"Such are the paradoxes of empathy. The power of this faculty has something to do with its ability to bring our moral concern into a laser pointer of focussed attention. If a planet of billions is to survive, however, we'll need to take into consideration the welfare of people not yet harmed—and, even more, of people not yet born. They have no names, faces, or stories to grip our conscience or stir our fellow-feeling. Their prospects call, rather, for deliberation and calculation. Our hearts will always go out to the baby in the well; it’s a measure of our humanity. But empathy will have to yield to reason if humanity is to have a future."  


2013-05-16 - The Zhokhar Tsarvaev Empathy Problem
By Paul Bloom
- New Yorker

 In my article in the magazine this week, I made the case against empathy. Our capacity to put ourselves in the shoes of others—to feel their pain, to make their goals our own—might well be essential for intimate relationships. Nobody would deny that parents should feel empathy toward their children, or that romantic love requires the bond that empathy provides. But when we use empathy as a guide to policy, it often takes us in irrational and cruel directions.


2014-08-26 - Against Empathy
By Paul Bloom
- Boston Review Forum

Opening the Debate Paul Bloom: Most people see the benefits of empathy as too obvious to require justification. This is a mistake.

"When asked what I am working on, I often say I am writing a book about empathy. People tend to smile and nod, and then I add, “I’m against it.” This usually gets an uncomfortable laugh.

This reaction surprised me at first, but I’ve come to realize that taking a position against empathy is like announcing that you hate kittens—a statement so outlandish it can only be a joke. And so I’ve learned to clarify, to explain that I am not against morality, compassion, kindness, love, being a good neighbor, doing the right thing, and making the world a better place. My claim is actually the opposite: if you want to be good and do good, empathy is a poor guide."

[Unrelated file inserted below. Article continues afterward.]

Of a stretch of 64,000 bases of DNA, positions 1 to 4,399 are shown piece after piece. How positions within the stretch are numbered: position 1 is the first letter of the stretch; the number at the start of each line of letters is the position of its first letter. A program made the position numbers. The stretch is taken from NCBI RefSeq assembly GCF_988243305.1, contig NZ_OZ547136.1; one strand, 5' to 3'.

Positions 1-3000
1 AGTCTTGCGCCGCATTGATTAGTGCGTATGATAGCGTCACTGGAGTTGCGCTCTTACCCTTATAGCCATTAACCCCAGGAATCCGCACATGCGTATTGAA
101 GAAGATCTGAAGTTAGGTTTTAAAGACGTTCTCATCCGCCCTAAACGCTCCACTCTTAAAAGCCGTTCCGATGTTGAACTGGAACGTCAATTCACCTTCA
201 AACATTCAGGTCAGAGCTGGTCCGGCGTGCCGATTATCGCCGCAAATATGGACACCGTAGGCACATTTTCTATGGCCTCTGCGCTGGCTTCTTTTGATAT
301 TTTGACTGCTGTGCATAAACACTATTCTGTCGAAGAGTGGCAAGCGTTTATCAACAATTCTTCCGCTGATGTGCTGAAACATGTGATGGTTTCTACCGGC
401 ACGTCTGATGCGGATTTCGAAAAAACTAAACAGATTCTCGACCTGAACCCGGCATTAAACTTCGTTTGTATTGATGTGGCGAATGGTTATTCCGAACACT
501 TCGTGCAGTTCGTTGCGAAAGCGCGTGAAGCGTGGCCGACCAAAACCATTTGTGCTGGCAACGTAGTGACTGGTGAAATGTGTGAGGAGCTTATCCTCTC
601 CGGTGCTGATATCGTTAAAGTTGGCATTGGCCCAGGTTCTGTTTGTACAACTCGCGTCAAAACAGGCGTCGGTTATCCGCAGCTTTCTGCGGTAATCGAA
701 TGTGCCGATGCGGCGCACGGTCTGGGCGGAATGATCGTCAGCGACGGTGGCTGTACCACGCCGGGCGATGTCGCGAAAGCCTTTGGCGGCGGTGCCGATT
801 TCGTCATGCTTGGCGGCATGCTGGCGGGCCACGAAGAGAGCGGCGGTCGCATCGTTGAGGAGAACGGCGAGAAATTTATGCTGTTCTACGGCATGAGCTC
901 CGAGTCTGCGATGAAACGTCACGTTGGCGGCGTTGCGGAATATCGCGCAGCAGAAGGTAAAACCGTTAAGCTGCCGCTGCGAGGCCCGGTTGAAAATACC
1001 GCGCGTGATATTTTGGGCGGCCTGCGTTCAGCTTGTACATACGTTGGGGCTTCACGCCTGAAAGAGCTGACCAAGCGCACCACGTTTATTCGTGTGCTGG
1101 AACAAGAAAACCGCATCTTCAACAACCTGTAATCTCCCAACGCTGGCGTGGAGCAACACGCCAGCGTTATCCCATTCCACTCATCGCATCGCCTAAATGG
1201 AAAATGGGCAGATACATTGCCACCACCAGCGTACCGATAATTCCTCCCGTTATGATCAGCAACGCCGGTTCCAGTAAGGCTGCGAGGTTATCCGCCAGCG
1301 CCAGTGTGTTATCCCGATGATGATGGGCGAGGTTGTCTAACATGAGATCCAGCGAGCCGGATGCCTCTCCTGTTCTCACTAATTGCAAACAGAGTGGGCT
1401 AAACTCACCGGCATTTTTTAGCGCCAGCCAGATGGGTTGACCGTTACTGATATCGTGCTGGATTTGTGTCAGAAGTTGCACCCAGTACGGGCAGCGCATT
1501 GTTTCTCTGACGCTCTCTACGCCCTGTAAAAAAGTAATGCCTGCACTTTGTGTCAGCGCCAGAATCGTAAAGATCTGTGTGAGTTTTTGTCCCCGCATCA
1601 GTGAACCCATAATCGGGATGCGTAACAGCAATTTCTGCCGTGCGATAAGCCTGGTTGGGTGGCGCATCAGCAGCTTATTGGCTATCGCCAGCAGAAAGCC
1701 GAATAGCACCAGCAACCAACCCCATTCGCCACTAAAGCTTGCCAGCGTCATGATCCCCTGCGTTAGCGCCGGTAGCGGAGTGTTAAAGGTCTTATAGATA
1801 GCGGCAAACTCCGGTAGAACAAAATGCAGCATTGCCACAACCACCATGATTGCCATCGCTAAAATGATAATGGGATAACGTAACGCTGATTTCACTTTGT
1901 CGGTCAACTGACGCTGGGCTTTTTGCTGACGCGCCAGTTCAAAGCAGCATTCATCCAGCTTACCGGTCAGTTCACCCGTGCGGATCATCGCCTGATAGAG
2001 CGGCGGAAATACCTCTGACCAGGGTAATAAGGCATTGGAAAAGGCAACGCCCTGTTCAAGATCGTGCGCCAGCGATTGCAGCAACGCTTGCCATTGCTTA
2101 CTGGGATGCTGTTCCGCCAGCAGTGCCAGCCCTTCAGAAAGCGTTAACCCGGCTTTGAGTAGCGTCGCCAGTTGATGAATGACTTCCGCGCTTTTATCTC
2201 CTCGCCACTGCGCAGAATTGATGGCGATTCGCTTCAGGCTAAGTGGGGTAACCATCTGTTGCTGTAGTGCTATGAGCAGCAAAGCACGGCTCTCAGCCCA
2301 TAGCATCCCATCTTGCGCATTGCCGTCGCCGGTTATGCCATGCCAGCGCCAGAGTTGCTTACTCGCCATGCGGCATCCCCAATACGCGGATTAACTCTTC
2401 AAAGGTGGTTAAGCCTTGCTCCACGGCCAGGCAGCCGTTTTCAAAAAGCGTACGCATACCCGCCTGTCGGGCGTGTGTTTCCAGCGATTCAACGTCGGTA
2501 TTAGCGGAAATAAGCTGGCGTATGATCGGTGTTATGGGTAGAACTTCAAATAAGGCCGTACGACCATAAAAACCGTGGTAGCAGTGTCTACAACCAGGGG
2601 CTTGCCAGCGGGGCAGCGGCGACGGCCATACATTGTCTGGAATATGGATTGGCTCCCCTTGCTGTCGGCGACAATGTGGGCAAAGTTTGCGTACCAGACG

With Responsive by Peter Singer, Jack W. Berry, Lynn E. O'Connor, Marianne LaFrance, Nomy Arpaly, Christine Montross, Barbara H. Fried, Leslie Jamison, Leonardo Christov-Moore,  Marco Iacoboni, Simon Baron-Cohen, Elizabeth Stoker Bruenig, Sam Harris, Jesse Prinz



Facilitating a Dialog about the Articles

Edwin Rutsch - Empathizing With Paul Bloom
Director: Center for Building a Culture of Empathy
After reading Paul's articles, the first thing I did was to email him and ask if I could interview and empathize with him and his point of view about empathy. I'm coming from a very different position than he is, instead of wanting to limit empathy, I feel we need to expand it and build a global culture of empathy. We need to nurture, deepen and strengthen empathy in ourselves, in our family, with friends, colleagues, neighborhoods, communities, institutions and all over the world.  For me, the 'means are the ends', so it's important to empathize with people who denigrate or are against empathy and to really deeply listen to and hear their concerns about it.

Edwin Rutsch

 I set an email to Paul Bloom to see if  he would be willing to do an interview and talk about his article? 


Your interviews look terrific, and I'd love to participate -- but now is a particularly hectic time. Can we revisit this in a couple of months?”  Paul Bloom  


Dear Paul

Thanks for the quick reply. I’m available to do the interview/dialog whenever you have time and space for it. Let me know some dates and times that work for you and we can get it on the calendar. We use Google hangouts, so it can be done at any time from any computer with a webcam.

I would like to do the interview as soon as possible to follow up on your article. Since your article just came out, an interview about it would be timely, ‘striking while the iron is hot’, so to speak. Since I come from the intention that we need to build an empathic culture, I think it would be very interesting and fruitful to explore and dialog about the problems you see with empathy. I’d like to ‘empathize’ with your point of view.

Perhaps we could also have some Panel or ‘Empathy Circle’  type discussions with others in the field about your article. I have interviews lined up this week with Marco Iacoboni  and Helen Reiss  to respond to the article. I’ve also just talked with George Lakoff  about it and he may do an interview as well.. I’ll also be lining up others. Would you be willing to do a group video call as well with them? Can you think of other people who you think would be good to invite to such a call?